The Federal Reserve has tackled its battle against inflation in 2022, with Chairman Jerome Powell saying price stability is now “unconditional” even if the path to get there is not “painless” for Americans .
The central bank raised interest rate five times this year, marking the fastest pace of rate increases since the 1980s.
It’s a hawkish turn that came after a series of criticisms from Wall Street and top economists, who repeatedly argued that Fed officials were wrong to claim inflation was “transitional” in 2021.
Economists like former Treasury Secretary Larry Summers and the president of Queens’ College at the University of Cambridge, Mohamed El-Erian, believe the Fed burst an asset bubble and exacerbated inflation when it extended supportive policies designed to ensure a strong long-term economic recovery. after pandemic restrictions ended last year.
Now, however, a new chorus of critics is beginning to emerge from Wall Street. The one that warns, not against the risk of excessive inflation and an overly accommodating monetary policy, but rather against the risk of recession in a context of excessive tightening of financial conditions.
“We continue to believe the Fed is making yet another policy error,” said Jay Hatfield, CEO of Infrastructure Capital Management. Fortunearguing that central bank interest rate hikes are now too aggressive.
Hatfield said the Fed is “lagging the curve” – raising rates even as inflation slows – because it focuses on lagging indicators like the jobless rate, inflation expectations and inflation. consumer price index (CPI).
He argues that central bank officials should instead use “leading indicators” like money supply, exchange rates and energy prices, noting that Fed policies have already led to “a collapse” in commodity prices since June, soaring mortgage rates and a major drop in the stock market.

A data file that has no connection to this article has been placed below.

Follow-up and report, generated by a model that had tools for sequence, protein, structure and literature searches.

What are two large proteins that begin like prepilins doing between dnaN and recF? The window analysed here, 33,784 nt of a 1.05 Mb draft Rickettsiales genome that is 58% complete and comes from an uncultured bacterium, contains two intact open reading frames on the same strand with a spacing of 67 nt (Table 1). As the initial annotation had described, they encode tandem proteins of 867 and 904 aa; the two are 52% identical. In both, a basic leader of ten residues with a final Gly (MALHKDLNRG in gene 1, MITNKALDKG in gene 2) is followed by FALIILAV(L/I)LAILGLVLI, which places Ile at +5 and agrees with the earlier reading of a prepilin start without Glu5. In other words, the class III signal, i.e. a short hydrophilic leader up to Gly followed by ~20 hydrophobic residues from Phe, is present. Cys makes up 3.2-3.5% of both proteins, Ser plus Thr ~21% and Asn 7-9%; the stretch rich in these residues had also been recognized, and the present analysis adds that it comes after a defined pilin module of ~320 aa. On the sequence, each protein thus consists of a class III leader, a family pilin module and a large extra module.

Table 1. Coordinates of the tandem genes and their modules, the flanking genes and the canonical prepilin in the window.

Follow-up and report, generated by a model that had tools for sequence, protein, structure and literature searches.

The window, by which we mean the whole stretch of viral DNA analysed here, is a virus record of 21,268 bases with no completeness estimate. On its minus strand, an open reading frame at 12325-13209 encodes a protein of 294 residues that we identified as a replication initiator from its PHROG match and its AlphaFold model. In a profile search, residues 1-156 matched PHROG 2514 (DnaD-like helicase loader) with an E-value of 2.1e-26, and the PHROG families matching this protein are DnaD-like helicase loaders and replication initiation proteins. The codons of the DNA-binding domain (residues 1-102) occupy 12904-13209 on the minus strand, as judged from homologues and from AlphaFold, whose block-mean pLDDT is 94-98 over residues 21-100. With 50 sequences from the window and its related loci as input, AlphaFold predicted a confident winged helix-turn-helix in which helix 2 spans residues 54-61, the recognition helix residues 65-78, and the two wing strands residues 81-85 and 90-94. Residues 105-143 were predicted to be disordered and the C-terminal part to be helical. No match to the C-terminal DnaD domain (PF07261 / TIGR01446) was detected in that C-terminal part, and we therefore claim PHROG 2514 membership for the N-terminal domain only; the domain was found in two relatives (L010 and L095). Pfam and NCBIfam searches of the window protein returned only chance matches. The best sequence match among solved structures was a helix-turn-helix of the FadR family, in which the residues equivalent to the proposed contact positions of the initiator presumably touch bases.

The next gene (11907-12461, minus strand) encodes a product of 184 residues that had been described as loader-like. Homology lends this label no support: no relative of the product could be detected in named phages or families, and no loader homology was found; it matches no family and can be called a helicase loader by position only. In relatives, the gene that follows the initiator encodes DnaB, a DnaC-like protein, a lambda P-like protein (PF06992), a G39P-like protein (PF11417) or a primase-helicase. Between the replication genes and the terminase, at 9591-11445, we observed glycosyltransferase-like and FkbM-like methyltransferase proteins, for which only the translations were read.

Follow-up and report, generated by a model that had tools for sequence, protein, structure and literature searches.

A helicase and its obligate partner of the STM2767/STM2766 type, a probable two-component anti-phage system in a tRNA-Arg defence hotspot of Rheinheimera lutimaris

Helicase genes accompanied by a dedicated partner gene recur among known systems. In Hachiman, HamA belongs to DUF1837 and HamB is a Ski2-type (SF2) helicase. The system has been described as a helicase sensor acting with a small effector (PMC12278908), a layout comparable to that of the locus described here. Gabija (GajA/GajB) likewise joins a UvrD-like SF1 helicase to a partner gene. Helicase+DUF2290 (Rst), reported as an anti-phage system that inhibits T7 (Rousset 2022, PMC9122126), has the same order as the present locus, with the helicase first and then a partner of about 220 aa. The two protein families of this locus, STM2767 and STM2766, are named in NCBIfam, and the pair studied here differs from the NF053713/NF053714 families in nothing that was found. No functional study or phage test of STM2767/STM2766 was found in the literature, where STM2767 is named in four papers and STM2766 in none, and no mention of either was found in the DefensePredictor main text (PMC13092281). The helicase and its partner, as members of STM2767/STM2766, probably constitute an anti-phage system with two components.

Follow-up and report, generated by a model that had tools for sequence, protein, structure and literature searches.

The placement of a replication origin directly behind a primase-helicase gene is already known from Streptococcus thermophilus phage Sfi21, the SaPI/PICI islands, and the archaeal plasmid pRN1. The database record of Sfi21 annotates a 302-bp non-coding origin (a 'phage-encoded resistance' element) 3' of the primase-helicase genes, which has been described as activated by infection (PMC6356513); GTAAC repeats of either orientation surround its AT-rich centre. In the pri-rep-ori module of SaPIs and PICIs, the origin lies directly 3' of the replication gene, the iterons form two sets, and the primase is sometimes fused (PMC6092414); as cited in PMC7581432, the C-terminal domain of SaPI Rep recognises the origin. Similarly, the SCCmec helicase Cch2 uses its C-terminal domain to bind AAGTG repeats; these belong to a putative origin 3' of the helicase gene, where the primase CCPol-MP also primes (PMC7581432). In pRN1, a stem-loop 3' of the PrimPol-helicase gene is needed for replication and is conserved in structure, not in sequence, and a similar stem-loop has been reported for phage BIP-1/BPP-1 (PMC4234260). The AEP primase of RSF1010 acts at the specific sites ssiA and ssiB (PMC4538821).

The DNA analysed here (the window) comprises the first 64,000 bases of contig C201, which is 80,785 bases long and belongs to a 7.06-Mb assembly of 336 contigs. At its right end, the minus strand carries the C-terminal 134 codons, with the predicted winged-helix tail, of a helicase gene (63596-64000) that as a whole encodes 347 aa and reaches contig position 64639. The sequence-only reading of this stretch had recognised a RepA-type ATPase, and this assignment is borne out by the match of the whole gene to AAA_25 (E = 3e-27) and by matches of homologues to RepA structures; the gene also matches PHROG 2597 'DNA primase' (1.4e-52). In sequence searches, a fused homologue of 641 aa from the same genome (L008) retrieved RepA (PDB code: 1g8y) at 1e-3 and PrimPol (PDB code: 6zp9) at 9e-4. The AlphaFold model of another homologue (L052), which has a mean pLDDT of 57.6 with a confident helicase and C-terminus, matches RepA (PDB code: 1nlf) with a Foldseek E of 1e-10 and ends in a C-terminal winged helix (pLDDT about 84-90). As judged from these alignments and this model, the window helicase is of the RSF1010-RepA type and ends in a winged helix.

On top of that, the Fed has already cut money supply by 15% this year as it continues to shrink its balance sheet, which has ballooned to nearly $9 trillion during the pandemic, Hatfield said. It’s the fastest decline in the US money supply since the Great Depression.
The Fed has used a policy called quantitative easing – which involves buying mortgage-backed securities and government bonds to increase the money supply, thereby boosting lending and investment – to help stimulate the economy. after the pandemic. But now it has reversed the script, opting to shrink its balance sheet and reduce the money supply through quantitative tightening in its fight against inflation.
“The impacts of the 15% decline in base money are very likely to cause inflation to fall steadily over the next year,” Hatfield said. “Therefore, the current rapid increase in the federal funds rate is unnecessary and significantly increases the risk of a recession in the United States, despite the tailwinds of the end of the pandemic.”
Rick Reider, BlackRock’s chief investment officer at Global Fixed Income, said Fortune that he also thinks the main risk to the economy now is an overly aggressive Fed.
“The risk to the economy today is of the Fed tightening policy too much from here, without allowing the time needed for a very large, broad and flexible economy to adjust to these new levels of interest rate and money flowing through the system,” he said.
However, Reider added that he thinks the Fed could return to a more dovish stance over the next few months that rewards stocks and other risky assets, alluding to what market watchers commonly call a “pivot” of the Fed.
“The Fed should be closer after today to being receptive to signs of inflection points. We think they are and are looking for places to pause and watch their aggressive policy work their way to through the system. There’s a good chance they’ll see these signs in the next few months,” he said.
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